Commentary Open Access
Volume 1 | Issue 1 | DOI: https://doi.org/10.33696/Signaling.1.002

Emerging Role of TRPML1 Mucolipin Endolysosomal Channel in Cancer

  • 1School of Pharmacy, Section of Immunopathology, University of Camerino, Camerino, Italy
  • 2Medical Oncology Unit, Hospital of Macerata, Macerata, Italy
  • 3School of Bioscience and Veterinary Medicine, University of Camerino, Camerino, Italy
+ Affiliations - Affiliations

*Corresponding Author

Giorgio Santoni, giorgio.santoni@unicam.it

Received Date: February 14, 2020

Accepted Date: March 19, 2020


The transient receptor potential mucolipin 1 (TRPML1) is an endolysosomal channel belonging to the TRP family. Clinically, mutations of TRPML1 have been responsible for a severe lysosomal storage disorder called mucolipidosis type IV.

The TRPML1 channels localize mainly in the endosome/lysosome compartments, where they control the endocytosis, exocytosis and autophagy processes.

TRPML1 is a reactive oxygen species sensor that orchestrates an autophagy-dependent program, to mitigate oxidative stress. In homeostatic condition TRPML1 controls cell viability; mild stress stimulates macroautophagy or chaperone-mediated autophagy and cell survival, whereas in severe cellular stress conditions it triggers autophagic cell death or apoptosis.

Changes in TRP channels expression are associated with cancer transformation. In the same view, both up and down-regulation of TRPML1 mRNA and protein expression is associated with different cancer types. HRAS-mutated head and neck and bladder urothelial cancers, non-small-cell lung carcinoma, melanomas, triple-negative breast cancers and pancreatic cancer, all show TRPML1 up-regulation. At the other hand, TRPML1 is down-regulated in glioblastoma and reduction/loss of TRPML1 represents a negative prognostic factor.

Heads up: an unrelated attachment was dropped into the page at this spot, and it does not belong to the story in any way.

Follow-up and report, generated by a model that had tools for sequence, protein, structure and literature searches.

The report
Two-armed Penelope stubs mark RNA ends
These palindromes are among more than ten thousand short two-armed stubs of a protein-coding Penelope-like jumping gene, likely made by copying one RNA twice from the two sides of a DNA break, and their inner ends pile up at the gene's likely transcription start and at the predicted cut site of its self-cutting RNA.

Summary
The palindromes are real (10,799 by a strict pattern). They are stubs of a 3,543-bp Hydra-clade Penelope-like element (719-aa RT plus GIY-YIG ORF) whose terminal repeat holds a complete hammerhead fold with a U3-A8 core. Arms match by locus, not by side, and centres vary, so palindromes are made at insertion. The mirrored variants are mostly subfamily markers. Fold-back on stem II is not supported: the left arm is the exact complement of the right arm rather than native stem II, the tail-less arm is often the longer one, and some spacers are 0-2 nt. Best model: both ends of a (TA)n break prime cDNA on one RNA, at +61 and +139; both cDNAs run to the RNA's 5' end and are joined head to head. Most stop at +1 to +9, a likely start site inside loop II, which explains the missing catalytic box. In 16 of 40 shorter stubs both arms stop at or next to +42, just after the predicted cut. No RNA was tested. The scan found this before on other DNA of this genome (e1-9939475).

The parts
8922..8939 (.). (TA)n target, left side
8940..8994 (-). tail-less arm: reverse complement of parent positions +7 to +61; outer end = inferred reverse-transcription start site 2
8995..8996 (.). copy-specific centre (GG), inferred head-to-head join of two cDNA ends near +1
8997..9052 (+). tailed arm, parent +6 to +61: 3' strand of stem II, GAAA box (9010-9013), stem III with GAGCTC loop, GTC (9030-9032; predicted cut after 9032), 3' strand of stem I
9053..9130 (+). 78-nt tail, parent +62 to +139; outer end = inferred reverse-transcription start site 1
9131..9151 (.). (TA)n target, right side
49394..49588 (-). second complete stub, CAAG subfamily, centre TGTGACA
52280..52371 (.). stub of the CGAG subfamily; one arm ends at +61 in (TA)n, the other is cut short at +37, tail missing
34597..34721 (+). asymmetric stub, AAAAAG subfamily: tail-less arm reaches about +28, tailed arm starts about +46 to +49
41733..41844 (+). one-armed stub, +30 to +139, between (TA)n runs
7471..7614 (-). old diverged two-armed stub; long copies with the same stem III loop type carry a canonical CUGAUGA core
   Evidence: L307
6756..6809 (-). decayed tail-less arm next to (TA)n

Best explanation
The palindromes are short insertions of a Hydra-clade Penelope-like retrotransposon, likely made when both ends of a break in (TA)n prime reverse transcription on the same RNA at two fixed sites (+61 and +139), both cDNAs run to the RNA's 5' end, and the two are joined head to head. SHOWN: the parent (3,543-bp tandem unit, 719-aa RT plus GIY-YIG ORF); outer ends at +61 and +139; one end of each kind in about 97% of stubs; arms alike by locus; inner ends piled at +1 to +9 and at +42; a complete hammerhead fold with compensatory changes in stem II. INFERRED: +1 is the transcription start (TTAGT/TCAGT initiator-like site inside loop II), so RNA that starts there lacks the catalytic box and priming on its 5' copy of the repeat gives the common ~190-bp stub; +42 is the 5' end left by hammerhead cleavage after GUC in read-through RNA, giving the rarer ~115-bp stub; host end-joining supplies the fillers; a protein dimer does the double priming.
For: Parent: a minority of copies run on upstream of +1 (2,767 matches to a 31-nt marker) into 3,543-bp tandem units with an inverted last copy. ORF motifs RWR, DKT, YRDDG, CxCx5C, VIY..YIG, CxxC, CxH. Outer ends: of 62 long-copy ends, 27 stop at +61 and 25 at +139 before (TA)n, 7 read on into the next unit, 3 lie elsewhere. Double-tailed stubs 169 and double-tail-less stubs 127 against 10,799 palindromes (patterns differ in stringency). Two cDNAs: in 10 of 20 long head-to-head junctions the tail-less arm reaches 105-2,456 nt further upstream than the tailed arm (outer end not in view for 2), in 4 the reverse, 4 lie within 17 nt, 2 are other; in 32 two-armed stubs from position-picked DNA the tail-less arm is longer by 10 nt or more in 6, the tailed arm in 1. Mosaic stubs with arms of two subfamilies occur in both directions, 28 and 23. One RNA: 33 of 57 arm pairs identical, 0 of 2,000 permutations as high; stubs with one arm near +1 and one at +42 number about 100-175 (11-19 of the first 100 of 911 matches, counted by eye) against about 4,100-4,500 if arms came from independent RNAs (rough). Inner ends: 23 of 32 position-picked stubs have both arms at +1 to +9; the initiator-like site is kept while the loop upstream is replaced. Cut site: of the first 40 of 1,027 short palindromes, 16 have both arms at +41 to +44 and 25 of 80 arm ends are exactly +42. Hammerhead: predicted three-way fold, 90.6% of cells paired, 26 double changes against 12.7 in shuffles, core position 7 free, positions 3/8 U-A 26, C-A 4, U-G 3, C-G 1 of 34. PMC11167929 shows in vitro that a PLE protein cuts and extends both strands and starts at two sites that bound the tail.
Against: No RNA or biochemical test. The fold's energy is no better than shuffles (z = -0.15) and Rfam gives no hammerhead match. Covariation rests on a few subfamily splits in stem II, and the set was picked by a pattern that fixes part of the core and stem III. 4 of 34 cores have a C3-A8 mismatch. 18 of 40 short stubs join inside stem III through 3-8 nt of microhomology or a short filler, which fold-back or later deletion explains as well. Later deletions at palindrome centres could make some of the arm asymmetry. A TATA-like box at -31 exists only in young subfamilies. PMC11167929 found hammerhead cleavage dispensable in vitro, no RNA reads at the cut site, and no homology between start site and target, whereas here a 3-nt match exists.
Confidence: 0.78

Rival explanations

An increased level of complexity of the TRPML1 channel is represented by its capability to form homo- and heterodimers with other members of TRPML or two-pore channels forming new functional channels. Finally, the TFEB transcriptional factor, targeting the TRPML1 promoter is altered in pancreatic cancer and is associated with poor prognosis of non-small-cell lung carcinoma patients. Overall, we present interesting and recent data strongly suggesting for an important role played by TRPML1 in cancer. Further researches are needed to understand in depth contribution of this channel in the neoplastic transformation and progression of cancer.